All the reps should be “easy” as you will keep 3-4 reps in reserve. BUT they are done with as much acceleration as possible during the concentric, compensating for the less challenging load (compensatory acceleration training).

You can use anywhere between 60 and 80% of your maximum. The number of repetitions per set should be between 3 and 5 (5 would be if you are using 60-65%, 3 if you use 75-80%).

You should not allow yourself to do ANY poor (technique or speed-wise) repetitions.

Since the sets are submaximal and not anywhere close to failure , you can do between 4 and 6 sets.


Why does it work?

What is so special about doublés? Well, the most obvious reason why it works is that you are doing more work for a specific lift. Which means more practice, better intra and intermuscular coordination and, hopefully, more efficient technique.

But why not simply do more sets at first?

Good question.

The main reason is that when you do all your sets in a row you kinda get on autopilot. The first few sets are used to program the movement pattern and then you simply “run the program”. Whereas, when you do a few exercises and then come back to the original exercise, you are forced to “reprogram” the pattern. So, from a motor-learning perspective, it is more effective to segment the sets into two “units” within your workout.

The drawback is that you will be more tired by the second time you do the exercise. Which is why you should not go with all-out heavy lifting again. However, this fatigue can be beneficial too because it will force you to recruit and stimulate more motor units.

Give doublé a try, it is a very powerful method for sure!


Specialization is my favorite approach to fix a weak lift in an advanced lifter.

An advanced lifter whose performance is stagnant is in a complex situation because his body is so well adapted to the training stress that it requires a huge stimulus to keep progressing. But imposing that huge of a stimulus on top of his regular training will be too much for his body to handle and will lead to systemic fatigue. Hurting his progression more than it helps it.

That’s where specialization blocks come into play.

By devoting around 75% of your training volume to bringing up a single lift (that 75% includes the volume for the main lift itself and its accessory work) you get that super strong stimulus you need to give that lift a boost, without leading to systemic fatigue.

But the important part is understanding the need to lower the amount of work for the non-specialized muscles/exercises. Every advanced trainee who is passionate about lifting will have no problem accepting doing more work for a lift.

But lowering the amount of work for everything else is a huge mental block.

However, that is the only way to make a specialization block work.

Essentially you must keep the same overall amount of training as you would normally do, but invest most of that volume (75%) on your specialization.

The simplest way to do that is to devote three training days to your specialization lift and its accessory/assistance work (Monday/Wednesday/Friday for example) and do the rest of the body either in one workout or two small ones.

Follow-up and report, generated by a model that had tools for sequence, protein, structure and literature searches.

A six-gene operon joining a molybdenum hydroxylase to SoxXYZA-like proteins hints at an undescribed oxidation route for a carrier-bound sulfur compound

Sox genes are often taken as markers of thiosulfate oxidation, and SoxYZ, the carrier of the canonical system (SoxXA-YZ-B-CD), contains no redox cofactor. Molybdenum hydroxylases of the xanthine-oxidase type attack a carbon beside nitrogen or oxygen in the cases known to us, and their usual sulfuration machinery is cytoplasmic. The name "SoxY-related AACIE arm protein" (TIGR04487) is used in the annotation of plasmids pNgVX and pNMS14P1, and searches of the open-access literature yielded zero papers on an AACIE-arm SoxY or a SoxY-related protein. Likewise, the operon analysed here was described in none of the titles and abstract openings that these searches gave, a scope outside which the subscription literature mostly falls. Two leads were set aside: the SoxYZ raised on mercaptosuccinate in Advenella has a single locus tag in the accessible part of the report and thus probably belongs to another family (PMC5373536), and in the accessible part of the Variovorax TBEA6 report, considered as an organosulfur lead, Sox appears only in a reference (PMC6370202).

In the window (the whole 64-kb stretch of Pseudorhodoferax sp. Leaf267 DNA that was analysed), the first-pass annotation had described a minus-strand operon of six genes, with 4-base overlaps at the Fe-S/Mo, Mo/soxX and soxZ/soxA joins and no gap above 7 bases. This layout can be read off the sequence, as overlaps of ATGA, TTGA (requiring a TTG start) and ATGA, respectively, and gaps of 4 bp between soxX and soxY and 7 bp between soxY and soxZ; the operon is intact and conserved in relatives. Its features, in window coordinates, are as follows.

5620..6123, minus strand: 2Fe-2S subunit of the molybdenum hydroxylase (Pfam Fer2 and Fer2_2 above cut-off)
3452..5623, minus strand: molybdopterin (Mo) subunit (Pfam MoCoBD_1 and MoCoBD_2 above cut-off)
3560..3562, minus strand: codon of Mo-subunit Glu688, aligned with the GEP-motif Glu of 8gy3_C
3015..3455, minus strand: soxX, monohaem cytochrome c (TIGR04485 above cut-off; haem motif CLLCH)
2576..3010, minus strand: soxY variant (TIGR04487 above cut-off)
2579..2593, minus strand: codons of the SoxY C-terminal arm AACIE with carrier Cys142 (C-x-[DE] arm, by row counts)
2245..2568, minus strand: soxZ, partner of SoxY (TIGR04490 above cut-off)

Another way to do it is to train your target lift and its accessory/assistance work in all of your workouts (4-5 days a week for example) and each session includes:

* Target lift

* 2-3 accessory/assistance exercises for the main lift

* 1-2 exercises for another muscle

In that set-up the work for your target lift should represent 3 out of 4 or 4 out of 6 exercises.

The specialization block should last 3-5 weeks. Normally I like 4 hard weeks then a deload/peak weak where you reduce volume by 60% and “test” yourself at the end of the week.


This approach contrasts with the other ones in that it is a moderate term strategy (12-16 weeks) rather than a short-term tactic. It can also be used as a general approach to increase several big lifts at a time (in that case you would use a lift-specific split with one main lift per workout).

It consists of starting your training cycle with the main lift (squat, bench, deadlift, overhead press, for example) of the day performed last in your workout.

With each training block (3-4 weeks) the “big lift” moves up until it is performed first in the last training block.

For example:

Block I

1st: Upper back exercise or loaded carry

2nd: Core/abdominals exercise

3rd: Accessory exercise for main lift

4th: Accessory exercise for main lift

5th: Assistance exercise for main lift

6th: Main lift

*Note: accessory refers more to a single-joint or machine exercise whereas assistance tends to be more multi-joint movements.

Block II

1st: Assistance exercise for main lift

2nd: Accessory exercise for main lift

3rd: Main lift

4th: Accessory exercise for main lift

5th: Upper back exercise or loaded carry

6th: Core/abdominals exercise

Block III

1st: Assistance exercise for main lift

2nd: Main lift

3rd: Accessory exercise for main lift

4th: Accessory exercise for main lift

5th: Upper back exercise or loaded carry

6th: Core/abdominals exercise

Block IV

1st: Main lift

2nd: Assistance exercise for main lift

3rd: Accessory exercise for main lift

4th: Accessory exercise for main lift

5th: Upper back exercise or loaded carry

6th: Core/abdominals exercise

Now, you should use low reps for the main lift (1 to 6) in every block. But I like to use methods that allow you to focus on technique in the earlier blocks. For example, slow eccentrics or stato-dynamic lifting.



This approach is very interesting for individuals who have a lot of experience with heavy lifting as well as traditional hypertrophy work. The reason it will work so well is that it will represent a completely novel stimulus for them. It should be done for 6-10 weeks.